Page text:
Continuing with FIG. 4, the ALU stage of the pipeline contains an arithmetic logic unit (ALU) 420 which performs logical and computational operations on data stored within the temporary buffers 414, 416. The result of any ALU operations are placed within a temporary buffer 422 for use by later stages in the pipeline.

During the memory stage, results from [temporary buffer 422] computational or logical operations may be forwarded directly to a result register 424 to be written back to either memory or the register file, as shown by write-back bus 426. However, if a particular instruction requires data to be retrieved from memory, the address of the desired memory location will calculated by the ALU stage and provided to the temporary buffer 422. This address will then be provided to a cache system 430 that has a cache control block 432 and a cache memory 434. If the desired data is stored within the cache memory 434, the data will be provided directly to the result register 424, via cache data bus 436 for use by future instructions. If however the desired data is not stored within the cache memory 434, the address information within the temporary buffer 422 is used to retrieve the data from a main memory 440. In such an instance, the processor 400 halts execution until the data is provided by the main memory 440 and stored into the cache system 430. The retrieved data is then written into the result register 424.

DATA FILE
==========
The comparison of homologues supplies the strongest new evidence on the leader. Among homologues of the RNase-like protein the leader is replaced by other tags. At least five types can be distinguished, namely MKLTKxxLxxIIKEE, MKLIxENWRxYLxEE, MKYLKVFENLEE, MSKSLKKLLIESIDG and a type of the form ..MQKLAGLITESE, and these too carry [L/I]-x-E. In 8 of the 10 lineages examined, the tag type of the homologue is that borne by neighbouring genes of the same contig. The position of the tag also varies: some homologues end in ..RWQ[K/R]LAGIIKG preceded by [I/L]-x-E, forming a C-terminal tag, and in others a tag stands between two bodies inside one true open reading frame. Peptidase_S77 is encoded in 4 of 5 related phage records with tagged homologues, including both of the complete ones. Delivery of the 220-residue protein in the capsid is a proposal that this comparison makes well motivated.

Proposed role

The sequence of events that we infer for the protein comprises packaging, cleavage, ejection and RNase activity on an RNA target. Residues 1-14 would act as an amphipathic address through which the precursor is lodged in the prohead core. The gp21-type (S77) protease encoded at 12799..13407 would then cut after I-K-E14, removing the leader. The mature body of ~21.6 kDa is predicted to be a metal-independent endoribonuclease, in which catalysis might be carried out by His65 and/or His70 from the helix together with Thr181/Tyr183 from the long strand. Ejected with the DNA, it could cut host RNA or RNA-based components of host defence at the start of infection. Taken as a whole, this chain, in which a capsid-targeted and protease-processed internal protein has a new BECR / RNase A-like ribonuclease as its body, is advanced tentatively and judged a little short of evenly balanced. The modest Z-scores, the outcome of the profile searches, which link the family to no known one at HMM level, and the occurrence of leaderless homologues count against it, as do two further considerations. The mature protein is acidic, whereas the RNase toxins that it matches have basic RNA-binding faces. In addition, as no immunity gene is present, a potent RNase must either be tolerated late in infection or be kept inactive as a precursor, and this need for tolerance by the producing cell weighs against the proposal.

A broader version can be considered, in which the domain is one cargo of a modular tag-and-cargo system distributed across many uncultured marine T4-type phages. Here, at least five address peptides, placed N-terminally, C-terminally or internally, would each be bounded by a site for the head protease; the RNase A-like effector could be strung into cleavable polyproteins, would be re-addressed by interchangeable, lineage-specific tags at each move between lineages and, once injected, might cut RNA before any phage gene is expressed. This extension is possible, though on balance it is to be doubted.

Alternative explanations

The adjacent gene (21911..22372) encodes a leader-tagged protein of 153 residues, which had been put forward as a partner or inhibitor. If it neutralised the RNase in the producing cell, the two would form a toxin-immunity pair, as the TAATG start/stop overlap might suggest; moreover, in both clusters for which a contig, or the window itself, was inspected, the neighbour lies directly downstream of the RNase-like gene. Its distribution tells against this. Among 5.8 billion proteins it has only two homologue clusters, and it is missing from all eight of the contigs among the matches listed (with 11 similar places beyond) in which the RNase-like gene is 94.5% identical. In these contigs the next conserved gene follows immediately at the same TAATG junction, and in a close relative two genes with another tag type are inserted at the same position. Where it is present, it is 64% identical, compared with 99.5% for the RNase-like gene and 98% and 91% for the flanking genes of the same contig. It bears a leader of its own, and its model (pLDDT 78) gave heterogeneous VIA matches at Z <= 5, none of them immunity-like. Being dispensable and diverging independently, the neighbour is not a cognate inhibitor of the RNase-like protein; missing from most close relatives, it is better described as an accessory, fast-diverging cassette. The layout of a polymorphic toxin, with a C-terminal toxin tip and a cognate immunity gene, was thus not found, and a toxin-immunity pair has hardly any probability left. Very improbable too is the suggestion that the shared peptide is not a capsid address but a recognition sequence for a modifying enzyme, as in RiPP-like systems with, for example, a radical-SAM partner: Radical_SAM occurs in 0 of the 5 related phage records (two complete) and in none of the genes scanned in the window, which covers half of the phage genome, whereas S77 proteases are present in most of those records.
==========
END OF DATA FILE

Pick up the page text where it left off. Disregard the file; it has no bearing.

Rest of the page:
During the write-back stage, the contents of the result register 424 are written into either the cache system 430, or the register file 410, as dictated by the processor instruction. One skilled in the art will appreciate that the above discussed pipeline stages are illustrative only. Other processor architectures may have additional pipeline stages, or may combine the illustrated stages, as needed, to optimize execution speed of a particular instruction set. The above merely provides a concrete background for describing the present invention.

Now referring to FIGS. 4 and 5 a flow chart 500 is shown which illustrates the operation of the cache system 430 within the processor 400 when a standard PREFETCH instruction is executed. A PREFETCH instruction is used by a programmer to retrieve data from the memory 440, and place the data within the cache system 430 so that future processor instructions that require access to the data will not have to wait on the memory 440 to provide the data.